Bel Ami ★★★☆☆


Robert Pattinson is bankable property, being the star of one of the most lucrative teen franchises of modern times, and it would be easy to get cynical about his casting in this new adaptation of the classic Guy de Maupassant novel. But he’s rather good and gives hope that there may be a bright cinematic life for him after Twilight.

Theatre directors Declan Donnellan and Nick Ormerod create a bright and convincing vision of Paris at the turn of the century. The costumes, courtesy of designer Odile Dicks-Mireaux, are gorgeous, and the cinematography, more realistic rather than heritage, is superb.

The story follows the sex-filled life of an attractive ex-soldier (Pattinson) who becomes a journalist for a politically powerful paper. This brings many beautiful women to his attention. They are the wives (Uma Thurman and Kristin Scott Thomas) of Paris society’s important men (Philip Glenister and Colm Meaney), although one woman seems to mean a little more to him (Christina Ricci) other than empty social climbing.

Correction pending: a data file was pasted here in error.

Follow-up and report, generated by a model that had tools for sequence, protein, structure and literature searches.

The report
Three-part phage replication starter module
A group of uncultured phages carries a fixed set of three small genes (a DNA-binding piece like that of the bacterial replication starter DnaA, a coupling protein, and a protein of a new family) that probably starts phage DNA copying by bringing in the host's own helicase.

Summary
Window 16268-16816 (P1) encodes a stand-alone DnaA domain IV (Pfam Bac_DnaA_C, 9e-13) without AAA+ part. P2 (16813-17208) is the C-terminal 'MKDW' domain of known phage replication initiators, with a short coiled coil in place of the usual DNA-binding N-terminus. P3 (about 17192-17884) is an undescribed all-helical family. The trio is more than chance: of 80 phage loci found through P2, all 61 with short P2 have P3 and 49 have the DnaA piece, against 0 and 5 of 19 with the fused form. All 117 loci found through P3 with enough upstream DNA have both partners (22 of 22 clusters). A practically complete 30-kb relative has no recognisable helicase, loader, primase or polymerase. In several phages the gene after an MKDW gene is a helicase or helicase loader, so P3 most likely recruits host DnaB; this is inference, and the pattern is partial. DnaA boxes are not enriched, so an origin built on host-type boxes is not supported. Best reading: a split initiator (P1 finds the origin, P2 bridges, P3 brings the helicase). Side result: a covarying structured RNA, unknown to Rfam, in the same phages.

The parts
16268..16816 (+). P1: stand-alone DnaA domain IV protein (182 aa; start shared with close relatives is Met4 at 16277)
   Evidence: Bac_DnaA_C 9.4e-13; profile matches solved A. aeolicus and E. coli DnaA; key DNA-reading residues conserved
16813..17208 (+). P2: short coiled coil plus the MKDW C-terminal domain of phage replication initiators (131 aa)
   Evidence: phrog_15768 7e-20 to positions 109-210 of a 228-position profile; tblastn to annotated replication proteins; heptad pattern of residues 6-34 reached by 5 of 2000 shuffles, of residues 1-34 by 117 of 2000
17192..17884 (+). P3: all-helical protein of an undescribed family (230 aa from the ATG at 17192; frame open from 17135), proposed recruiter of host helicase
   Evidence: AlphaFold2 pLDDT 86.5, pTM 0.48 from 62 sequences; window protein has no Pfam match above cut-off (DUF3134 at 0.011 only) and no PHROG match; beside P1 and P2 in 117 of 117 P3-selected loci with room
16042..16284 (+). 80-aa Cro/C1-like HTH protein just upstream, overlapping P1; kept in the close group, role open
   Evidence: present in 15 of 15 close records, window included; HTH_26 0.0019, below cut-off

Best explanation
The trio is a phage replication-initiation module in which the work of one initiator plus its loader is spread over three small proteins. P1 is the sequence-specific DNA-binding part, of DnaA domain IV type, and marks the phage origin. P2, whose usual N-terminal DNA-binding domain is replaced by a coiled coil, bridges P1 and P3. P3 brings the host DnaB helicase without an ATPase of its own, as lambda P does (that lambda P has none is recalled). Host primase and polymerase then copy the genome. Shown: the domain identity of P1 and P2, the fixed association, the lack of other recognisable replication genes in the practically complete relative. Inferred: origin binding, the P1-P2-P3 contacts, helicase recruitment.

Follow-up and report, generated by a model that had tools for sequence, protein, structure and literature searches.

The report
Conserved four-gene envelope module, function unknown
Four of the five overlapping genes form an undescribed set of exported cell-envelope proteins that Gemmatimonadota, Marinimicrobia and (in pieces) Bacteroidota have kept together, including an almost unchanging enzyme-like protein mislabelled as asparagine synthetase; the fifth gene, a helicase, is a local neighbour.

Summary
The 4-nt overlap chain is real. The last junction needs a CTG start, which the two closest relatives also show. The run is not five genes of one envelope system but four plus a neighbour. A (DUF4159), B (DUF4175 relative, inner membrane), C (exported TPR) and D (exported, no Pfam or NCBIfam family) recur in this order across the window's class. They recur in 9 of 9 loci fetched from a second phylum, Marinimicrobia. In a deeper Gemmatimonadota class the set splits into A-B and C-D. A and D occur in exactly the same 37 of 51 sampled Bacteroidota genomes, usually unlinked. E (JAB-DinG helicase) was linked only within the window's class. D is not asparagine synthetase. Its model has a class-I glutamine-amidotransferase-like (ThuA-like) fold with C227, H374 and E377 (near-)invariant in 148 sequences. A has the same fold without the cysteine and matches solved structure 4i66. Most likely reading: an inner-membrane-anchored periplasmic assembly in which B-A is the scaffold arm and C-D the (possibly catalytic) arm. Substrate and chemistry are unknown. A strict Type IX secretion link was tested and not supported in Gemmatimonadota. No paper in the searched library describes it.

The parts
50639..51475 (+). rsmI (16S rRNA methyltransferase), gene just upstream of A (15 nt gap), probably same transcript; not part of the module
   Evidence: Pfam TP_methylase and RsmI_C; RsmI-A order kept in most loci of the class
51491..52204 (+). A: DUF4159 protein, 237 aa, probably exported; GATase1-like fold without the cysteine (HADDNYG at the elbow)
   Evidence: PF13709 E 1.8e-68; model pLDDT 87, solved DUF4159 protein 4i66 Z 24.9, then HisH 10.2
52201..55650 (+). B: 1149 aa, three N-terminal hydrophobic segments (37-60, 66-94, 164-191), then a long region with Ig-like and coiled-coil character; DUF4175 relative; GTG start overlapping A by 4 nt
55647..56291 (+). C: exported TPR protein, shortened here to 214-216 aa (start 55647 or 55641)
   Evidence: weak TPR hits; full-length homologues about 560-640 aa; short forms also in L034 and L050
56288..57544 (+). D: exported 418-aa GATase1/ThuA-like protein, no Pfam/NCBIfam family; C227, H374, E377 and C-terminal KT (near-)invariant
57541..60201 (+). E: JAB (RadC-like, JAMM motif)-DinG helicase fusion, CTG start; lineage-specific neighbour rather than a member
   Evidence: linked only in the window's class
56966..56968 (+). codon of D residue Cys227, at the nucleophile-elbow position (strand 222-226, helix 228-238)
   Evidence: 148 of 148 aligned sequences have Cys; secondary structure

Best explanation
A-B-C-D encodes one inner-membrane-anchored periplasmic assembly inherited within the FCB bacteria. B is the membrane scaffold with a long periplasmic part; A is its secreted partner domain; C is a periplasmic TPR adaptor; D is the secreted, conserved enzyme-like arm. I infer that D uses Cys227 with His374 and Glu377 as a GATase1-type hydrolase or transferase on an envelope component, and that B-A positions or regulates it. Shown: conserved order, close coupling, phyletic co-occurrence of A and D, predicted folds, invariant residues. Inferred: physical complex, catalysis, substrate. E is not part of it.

Plotting does become an issue. The movie often feels clunky and uneven and lacks a satisfying climax. The script contains dialogue that feels like it would be more at home in a stage play than a cinema feature, although the very watchable turns, particularly those from Thurman and newspaper editor Meaney, stop this from becoming too much of a problem.

The film is also frustratingly undecided as to whether our bed-bouncing leading character is supposed to be a loveable rogue or a repugnant antihero.

It’s entertaining and doesn’t ever bore. Some may yearn for a more art-house-ish approach, but this should satisfy most cinemagoers who are after a bit of escapism.

Bel Ami (2012), directed by Declan Donnellan and Nick Ormerod, is distributed in the UK by StudioCanal, Certificate 15.



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Second year BA Film & English Student. Watches too many films and enjoys good novels.

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